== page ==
This seems to be the view adopted by the majority of jurisdictions.   If a spouse invokes a fifth amendment privilege regarding questions about adultery, a court is free to impose a variety of sanctions against that spouse, including the denial of affirmative relief. E.g., Anonymous v. Anonymous, 353 So. 2d 510 (Ala. 1977) (as result of wife's claim against self-incrimination, court was free to make any and all inferences against her regarding substance of questions propounded); Christenson v. Christenson, 281 Minn. 507, 162 N.W.2d 194 (1968) (after wife claimed privilege, court was free to dismiss her claim); Harwell v. Harwell, 355 S.W.2d 137 (Mo. Ct. App. 1961) (court free to make any inferences against party claiming privilege); Levin v. Bornstein, 13 Misc. 2d 161, 174 N.Y.S.2d 574 (Sup. Ct. 1958), aff'd, 7 A.D.2d 995, 183 N.Y.S.2d 868, aff'd, 6 N.Y.2d 892, 190 N.Y.S.2d 702 (1959) (court free to impose sanctions on party who invokes fifth amendment privilege); Davis v. Davis, 233 Va. 452, 357 S.E.2d 495 (1987) (moving party in civil action who exercises privilege against self-incrimination to refuse to answer questions pertinent to the issues involved will have his complaint dismissed upon timely motion); Donaldson v. Donaldson, 27 Va. Cir. 327 (Fairfax County 1992) (court free to impose noncriminal sanctions on the husband who invoked his fifth amendment privilege against self-incrimination); Molloy v. Molloy, 46 Wis. 2d 682, 176 N.W.2d 292 (1970) (it was error for court not to take an adverse inference against wife who claimed privilege). See generally Annotation, Dismissing Action or Striking Testimony Where Party to Civil Action Asserts Privilege Against Self-Incrimination as to Pertinent Question, 4 A.L.R.3d 545 (1965); Kaminsky, Preventing Unfair Use of the Privilege Against Self-Incrimination in Private Civil Litigation, 39 Brooklyn L. Rev. 121 (1972); Madsen, Penalizing the Civil Litigant who Invokes the Privilege Against Self-Incrimination, 24 U. Fla. L. Rev. 541 (1972).  The rationale for this rule was explained in Dodson v. Dodson, 855 S.W.2d 383 (Mo. Ct. App. 1993). In that case, the court stated:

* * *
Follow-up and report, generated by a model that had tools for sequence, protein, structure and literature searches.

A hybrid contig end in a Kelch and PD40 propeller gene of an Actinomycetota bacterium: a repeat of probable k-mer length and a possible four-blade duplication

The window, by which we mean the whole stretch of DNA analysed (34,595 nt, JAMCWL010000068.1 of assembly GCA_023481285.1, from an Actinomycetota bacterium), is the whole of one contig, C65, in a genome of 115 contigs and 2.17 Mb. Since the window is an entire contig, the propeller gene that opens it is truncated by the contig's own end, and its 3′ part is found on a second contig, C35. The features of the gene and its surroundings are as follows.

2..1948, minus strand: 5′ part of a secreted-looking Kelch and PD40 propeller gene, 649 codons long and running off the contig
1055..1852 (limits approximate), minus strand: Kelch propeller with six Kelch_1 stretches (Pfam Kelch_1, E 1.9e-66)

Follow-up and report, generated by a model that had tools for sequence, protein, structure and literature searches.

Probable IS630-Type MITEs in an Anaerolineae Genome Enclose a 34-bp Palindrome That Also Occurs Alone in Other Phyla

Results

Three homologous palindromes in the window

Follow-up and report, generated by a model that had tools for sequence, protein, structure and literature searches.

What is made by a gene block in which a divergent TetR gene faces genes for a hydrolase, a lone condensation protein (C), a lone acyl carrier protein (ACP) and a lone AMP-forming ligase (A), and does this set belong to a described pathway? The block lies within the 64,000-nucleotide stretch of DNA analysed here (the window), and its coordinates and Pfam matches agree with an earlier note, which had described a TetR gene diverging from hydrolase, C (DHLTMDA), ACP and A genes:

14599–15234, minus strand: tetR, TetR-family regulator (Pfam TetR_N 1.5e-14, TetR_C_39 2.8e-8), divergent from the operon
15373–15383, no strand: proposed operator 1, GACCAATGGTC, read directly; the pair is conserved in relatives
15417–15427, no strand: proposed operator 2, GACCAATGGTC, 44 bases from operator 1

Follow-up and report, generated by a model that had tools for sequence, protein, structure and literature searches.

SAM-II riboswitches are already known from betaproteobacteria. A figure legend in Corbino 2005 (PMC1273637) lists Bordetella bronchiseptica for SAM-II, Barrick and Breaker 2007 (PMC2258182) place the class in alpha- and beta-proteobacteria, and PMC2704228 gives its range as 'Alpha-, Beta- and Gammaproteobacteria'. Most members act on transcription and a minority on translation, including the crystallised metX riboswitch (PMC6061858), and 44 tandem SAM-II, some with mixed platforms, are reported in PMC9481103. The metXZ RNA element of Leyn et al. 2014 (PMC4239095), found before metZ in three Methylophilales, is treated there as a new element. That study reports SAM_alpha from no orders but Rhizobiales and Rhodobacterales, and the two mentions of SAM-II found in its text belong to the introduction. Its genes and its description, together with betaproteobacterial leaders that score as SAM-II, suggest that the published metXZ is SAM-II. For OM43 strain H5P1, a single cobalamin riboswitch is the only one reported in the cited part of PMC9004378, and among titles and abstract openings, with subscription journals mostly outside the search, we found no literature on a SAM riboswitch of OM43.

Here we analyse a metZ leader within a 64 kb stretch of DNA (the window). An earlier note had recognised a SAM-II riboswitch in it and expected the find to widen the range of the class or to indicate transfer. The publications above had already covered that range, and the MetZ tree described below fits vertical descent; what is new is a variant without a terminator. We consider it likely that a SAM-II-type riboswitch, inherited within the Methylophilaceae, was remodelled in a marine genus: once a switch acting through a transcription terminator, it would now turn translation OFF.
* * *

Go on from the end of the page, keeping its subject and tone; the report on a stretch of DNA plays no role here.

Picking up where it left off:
“Although a party has the right to take the Fifth Amendment against self-incrimination in a civil case, the right is not without its price. Where a party takes the Fifth Amendment in a dissolution action and thereby conceals pertinent information, the party is not entitled to affirmative relief when timely objection is made. . . . Furthermore, whether asserted by the petitioner or the respondent, invocation of the Fifth Amendment privilege will, in most cases, require some form of judicial response of a remedial nature to eliminate any undue advantage which might flow from the ability to conceal pertinent evidence. In this regard, the trial court is vested with discretion in fashioning an appropriate remedy to prevent unfairness and disadvantage from the concealment of pertinent information.”